Last month, Ken Brownlee discussed the various geological factors associated with North American earthquakes, and specifically, the San Francisco quake of 1906. In this second, and final, installment he examines the similarities and differences between that quake and Hurricane Katrina. There were the reactions of the victims, the government, the humanitarians, and the insurers. Have times changed very much over the last 100 years? And if so, for the better, or for worse?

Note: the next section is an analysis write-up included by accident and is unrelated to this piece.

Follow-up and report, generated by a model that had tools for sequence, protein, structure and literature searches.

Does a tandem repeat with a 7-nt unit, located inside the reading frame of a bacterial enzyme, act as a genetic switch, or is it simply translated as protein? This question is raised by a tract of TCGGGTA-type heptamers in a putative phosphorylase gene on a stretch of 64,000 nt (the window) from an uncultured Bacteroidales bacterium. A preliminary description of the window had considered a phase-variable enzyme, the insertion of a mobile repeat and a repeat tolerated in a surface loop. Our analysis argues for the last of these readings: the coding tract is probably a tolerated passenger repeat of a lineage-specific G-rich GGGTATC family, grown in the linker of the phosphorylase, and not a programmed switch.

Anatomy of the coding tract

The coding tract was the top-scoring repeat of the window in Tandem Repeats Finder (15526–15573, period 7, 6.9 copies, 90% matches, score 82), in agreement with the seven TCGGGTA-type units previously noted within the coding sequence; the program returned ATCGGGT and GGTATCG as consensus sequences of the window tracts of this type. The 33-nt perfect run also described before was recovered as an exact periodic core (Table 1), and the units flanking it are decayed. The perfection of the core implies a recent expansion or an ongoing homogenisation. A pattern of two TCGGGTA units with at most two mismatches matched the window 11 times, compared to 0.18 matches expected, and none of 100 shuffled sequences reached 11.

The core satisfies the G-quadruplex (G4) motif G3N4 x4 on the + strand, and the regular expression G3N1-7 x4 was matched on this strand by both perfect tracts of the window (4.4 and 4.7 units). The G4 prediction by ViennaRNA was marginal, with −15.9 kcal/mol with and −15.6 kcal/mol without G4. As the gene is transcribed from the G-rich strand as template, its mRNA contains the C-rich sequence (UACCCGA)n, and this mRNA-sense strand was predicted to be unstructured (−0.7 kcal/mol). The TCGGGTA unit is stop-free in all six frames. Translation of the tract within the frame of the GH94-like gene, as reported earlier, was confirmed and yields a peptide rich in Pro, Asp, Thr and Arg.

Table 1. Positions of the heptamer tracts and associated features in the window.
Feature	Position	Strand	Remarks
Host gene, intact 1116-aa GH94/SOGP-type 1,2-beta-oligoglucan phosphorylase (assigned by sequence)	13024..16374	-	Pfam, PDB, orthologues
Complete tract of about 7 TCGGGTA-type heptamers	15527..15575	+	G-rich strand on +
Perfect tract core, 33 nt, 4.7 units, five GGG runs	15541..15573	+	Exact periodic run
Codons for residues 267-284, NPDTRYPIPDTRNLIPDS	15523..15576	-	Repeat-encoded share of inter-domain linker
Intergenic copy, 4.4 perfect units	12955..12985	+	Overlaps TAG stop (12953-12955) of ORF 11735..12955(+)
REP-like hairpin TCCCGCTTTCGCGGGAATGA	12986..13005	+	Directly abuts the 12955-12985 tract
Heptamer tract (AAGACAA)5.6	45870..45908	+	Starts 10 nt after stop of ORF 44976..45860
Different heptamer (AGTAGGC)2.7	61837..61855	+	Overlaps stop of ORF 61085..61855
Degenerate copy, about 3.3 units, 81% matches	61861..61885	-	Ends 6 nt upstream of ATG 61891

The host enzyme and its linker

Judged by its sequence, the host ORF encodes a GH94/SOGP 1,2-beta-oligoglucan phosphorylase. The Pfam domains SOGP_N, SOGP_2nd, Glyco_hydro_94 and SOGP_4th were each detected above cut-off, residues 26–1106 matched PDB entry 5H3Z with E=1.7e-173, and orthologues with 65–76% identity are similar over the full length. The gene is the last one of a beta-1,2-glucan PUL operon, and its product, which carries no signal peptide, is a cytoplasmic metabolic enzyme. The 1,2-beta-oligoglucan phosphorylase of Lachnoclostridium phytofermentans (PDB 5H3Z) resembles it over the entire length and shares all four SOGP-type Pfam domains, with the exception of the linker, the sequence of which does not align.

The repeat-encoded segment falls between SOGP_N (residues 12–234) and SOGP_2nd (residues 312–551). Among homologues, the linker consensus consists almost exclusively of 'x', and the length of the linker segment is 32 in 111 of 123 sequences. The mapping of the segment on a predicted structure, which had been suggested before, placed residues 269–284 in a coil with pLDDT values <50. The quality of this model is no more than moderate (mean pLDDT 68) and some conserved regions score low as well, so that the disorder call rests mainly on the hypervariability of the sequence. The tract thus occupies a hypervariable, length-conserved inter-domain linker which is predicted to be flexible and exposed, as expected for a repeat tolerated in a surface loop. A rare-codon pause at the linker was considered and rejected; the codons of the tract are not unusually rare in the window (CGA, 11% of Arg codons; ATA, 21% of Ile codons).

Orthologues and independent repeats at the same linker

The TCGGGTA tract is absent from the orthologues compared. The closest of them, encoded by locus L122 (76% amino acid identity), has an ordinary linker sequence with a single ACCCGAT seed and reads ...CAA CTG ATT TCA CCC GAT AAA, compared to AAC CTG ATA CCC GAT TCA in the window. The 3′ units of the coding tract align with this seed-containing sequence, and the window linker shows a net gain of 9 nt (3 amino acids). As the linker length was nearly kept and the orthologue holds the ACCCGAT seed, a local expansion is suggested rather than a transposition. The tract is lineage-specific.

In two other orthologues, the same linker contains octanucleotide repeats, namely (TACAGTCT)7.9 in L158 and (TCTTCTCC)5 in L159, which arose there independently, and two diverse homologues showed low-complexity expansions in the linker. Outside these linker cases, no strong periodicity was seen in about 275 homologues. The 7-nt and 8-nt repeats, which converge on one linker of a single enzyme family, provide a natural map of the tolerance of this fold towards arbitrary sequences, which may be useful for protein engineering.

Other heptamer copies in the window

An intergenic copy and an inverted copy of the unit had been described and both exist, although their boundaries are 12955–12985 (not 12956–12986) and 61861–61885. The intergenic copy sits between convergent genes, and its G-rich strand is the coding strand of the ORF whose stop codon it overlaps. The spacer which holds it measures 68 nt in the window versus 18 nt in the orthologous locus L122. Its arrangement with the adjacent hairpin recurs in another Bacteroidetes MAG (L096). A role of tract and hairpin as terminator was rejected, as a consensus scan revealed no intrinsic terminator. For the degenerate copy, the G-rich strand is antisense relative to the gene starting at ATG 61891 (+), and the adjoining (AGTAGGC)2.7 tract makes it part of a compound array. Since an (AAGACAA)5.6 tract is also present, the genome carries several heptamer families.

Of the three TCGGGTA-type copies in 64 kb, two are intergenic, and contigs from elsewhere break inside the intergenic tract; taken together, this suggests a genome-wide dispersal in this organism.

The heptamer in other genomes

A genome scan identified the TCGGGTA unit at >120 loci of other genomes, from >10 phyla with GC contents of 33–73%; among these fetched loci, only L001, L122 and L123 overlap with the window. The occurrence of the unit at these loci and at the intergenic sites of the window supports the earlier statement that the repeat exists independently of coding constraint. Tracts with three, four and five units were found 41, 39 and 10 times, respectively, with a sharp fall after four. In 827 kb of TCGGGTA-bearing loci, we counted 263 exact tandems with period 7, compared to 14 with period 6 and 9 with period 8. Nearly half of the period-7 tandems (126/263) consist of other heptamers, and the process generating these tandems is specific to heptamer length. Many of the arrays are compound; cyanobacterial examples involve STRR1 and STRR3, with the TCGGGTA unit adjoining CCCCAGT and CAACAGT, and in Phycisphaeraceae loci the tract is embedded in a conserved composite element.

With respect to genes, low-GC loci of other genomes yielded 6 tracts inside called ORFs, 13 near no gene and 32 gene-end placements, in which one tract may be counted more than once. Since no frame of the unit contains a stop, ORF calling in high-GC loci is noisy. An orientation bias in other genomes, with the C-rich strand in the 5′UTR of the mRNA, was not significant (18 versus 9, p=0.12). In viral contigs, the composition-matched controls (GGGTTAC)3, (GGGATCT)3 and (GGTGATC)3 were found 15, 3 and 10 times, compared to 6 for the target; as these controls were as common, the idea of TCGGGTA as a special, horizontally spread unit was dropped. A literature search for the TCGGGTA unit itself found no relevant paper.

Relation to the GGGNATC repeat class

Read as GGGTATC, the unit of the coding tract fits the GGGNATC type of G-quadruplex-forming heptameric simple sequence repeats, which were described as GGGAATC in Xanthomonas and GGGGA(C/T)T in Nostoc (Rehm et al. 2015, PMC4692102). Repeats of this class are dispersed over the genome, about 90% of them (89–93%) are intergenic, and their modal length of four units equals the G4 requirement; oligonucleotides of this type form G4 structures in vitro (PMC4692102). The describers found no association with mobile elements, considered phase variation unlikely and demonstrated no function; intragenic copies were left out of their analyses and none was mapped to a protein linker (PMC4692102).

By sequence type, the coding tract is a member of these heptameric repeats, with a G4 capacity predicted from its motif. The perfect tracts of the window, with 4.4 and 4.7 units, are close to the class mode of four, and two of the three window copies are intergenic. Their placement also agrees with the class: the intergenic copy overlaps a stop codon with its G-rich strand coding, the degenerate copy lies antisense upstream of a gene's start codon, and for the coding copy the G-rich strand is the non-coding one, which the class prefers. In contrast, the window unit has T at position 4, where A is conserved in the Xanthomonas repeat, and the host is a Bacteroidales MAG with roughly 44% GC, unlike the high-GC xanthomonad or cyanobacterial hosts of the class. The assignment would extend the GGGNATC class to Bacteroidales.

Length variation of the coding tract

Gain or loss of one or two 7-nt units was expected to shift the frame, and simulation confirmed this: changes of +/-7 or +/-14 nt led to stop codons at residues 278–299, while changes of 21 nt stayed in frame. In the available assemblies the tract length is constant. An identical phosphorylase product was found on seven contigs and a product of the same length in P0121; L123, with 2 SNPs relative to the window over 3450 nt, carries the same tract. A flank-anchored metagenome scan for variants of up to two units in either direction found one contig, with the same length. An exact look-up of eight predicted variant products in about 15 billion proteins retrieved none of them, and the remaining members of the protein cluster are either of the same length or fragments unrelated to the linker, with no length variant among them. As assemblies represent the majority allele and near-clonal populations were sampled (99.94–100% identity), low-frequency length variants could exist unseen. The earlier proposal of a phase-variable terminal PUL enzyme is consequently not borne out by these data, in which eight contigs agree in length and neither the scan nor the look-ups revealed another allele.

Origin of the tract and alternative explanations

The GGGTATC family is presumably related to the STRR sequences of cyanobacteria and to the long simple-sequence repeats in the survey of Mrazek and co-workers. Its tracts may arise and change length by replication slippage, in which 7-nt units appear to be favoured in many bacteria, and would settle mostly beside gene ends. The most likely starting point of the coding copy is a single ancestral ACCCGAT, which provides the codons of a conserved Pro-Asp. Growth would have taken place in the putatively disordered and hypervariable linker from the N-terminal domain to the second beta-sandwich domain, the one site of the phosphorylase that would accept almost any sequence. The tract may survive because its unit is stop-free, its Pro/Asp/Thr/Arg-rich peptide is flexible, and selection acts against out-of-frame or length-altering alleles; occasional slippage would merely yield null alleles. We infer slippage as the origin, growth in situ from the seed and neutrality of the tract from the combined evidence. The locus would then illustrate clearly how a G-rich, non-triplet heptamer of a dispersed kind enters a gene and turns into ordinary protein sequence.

After almost every major disaster (the Mississippi flood of 1927 that killed over 1,000 people, the dust bowl of the 30s, world wars, the World Trade Center collapse, and the 2005 hurricanes), the government and media proclaimed that these were the “worst disasters America has ever suffered.” Certainly many were, in terms of loss of lives or monetary costs, the most expensive. But these were not necessarily the only “worst” American disasters. Another occurred 100 years ago in April of 1906. Responses to that disaster paralleled what happened after Katrina — some in a much superior way, and in other ways, a bit more frighteningly.

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